How wireless carriers, machine-to-machine connections and new devices affect corporate productivity.
Articles about Mobility
Microsoft is making its OneNote note-taking app available for free for the Fire Phone and Kindle Fire tablets through Amazon's Appstore for Android.
To heighten security, Visa's new cloud payment suite of services replaces 16-digit account numbers with a digital token.
As LG continues to innovate in the smartphone space, with shipments of the LG G3 just hitting store shelves, the company expects more sales in the third quarter.
Just as the iPod became a gateway drug for the iPhone, which itself became the gateway drug for the iPad, iOS is set to become the platform that tempts people into the OS X ecosystem.
We could not live without our mobile phones and texting, according to Ofcom's latest survey of consumer habits.
Canonical has recently focused attention on the convergence of desktop and mobile operating systems, while Microsoft, Apple and Google are all exploring ways of harmonising the smartphone/tablet...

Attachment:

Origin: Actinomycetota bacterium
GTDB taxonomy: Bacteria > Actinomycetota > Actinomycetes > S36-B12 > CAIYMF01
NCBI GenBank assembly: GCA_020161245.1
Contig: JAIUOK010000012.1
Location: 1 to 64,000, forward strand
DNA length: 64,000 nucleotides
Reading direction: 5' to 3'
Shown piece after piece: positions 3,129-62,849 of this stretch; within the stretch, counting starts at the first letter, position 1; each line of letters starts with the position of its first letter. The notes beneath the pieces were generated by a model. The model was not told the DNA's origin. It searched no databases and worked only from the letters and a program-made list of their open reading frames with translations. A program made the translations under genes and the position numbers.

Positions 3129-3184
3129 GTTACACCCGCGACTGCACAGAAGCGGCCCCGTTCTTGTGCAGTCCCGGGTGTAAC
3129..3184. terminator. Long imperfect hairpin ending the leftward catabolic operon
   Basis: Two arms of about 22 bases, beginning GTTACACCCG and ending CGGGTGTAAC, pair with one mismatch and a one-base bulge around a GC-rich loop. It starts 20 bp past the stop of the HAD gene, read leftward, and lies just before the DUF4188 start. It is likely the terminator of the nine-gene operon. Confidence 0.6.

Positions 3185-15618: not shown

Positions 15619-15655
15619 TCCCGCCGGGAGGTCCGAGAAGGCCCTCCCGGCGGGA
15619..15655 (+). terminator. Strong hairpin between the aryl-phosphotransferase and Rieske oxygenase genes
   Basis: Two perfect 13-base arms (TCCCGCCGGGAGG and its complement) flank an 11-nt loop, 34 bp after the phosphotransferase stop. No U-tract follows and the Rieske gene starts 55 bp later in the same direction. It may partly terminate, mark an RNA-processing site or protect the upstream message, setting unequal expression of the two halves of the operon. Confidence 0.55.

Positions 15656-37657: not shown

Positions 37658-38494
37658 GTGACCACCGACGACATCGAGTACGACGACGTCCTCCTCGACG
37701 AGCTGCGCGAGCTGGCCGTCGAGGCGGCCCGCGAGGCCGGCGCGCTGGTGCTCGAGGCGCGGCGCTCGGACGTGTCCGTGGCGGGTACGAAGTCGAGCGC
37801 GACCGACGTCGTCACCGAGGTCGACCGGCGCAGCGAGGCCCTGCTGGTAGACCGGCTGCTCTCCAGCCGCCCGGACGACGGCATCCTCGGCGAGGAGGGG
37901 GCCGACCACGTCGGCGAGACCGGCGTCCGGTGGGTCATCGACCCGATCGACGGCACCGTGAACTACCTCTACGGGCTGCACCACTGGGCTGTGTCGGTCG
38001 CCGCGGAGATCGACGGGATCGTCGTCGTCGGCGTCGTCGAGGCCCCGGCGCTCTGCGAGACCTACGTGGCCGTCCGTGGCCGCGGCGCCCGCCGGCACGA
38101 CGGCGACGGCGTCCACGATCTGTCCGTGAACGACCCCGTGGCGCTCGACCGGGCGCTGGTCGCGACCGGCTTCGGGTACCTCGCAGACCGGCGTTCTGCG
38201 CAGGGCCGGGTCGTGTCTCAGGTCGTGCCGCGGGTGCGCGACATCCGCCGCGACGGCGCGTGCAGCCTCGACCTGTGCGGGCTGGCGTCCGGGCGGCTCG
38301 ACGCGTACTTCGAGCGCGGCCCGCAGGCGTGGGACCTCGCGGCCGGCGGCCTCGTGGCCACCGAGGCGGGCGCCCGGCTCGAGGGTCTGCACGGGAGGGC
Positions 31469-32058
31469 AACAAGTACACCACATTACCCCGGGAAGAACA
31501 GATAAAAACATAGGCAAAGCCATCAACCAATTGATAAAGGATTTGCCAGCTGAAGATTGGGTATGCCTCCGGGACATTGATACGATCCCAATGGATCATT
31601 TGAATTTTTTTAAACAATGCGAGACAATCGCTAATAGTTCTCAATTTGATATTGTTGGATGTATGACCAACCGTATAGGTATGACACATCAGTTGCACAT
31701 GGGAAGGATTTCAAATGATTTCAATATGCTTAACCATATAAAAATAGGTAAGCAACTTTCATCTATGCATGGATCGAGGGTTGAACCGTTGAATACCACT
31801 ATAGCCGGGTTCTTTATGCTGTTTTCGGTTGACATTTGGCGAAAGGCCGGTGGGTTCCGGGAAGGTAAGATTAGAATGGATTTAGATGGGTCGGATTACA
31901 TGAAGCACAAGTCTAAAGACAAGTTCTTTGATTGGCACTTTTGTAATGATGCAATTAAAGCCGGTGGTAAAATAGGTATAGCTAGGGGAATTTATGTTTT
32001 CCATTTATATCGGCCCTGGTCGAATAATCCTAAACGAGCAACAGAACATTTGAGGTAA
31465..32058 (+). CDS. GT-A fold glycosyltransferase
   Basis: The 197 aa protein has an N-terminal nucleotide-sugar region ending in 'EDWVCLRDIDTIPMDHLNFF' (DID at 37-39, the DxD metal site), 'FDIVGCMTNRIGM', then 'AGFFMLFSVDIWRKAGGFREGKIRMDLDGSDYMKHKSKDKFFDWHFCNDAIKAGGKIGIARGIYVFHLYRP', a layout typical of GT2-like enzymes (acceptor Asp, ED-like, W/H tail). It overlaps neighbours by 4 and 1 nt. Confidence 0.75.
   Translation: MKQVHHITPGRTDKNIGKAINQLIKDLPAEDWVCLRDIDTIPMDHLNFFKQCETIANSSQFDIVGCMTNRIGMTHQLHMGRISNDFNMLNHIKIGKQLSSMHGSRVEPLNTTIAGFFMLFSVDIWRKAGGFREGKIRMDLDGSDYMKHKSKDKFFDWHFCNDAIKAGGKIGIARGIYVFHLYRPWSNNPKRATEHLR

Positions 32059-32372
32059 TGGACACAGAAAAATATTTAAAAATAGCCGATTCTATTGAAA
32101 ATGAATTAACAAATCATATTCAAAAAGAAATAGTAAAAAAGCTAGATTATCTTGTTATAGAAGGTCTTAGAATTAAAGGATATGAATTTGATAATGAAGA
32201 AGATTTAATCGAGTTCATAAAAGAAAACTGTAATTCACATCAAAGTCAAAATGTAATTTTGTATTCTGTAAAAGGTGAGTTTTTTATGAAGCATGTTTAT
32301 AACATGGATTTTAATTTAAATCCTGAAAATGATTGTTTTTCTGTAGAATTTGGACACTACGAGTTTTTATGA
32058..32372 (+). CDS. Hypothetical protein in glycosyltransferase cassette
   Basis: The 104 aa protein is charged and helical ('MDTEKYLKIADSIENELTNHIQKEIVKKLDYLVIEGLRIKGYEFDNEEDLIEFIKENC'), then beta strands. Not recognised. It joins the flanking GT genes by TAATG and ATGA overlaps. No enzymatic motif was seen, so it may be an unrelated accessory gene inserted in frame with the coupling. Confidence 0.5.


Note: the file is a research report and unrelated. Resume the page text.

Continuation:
Vuzix's M100 smart glasses will be co-branded with Lenovo and pushed across China's industrial and manufacturing sectors.
We're certainly not claiming that Windows Phone is better overall than iOS (or even the reverse). But there are ways that Windows Phone beats current iPhones.
Wi-Fi, especially public Wi-Fi, is still fraught with security problems. A solution has been in the works for some time but is still not ready for most.
The race to get iPads in the office has become a focus for Apple with the alliance with IBM. What makes this interesting is how well the iPad Air performs in a work environment.
Australian retailers are lagging in mobile presence, according to new research by Frost & Sullivan, which found that only 21 percent of retailers surveyed had developed a mobile app for customers.
Small businesses, in particular, seem to have a fondness for the Facebook secret sauce.
Mobile processor giant Qualcomm said a regulatory investigation in China and licensees that aren't reporting sales of licensed products will hurt fourth quarter results.
CEO Mark Zuckerberg offered a succinct, if not humble, reflection in prepared remarks: "We had a good second quarter."
Bringing devices to work does not create a separate IT platform, and shadow IT digs far deeper into the enterprise than smartphones.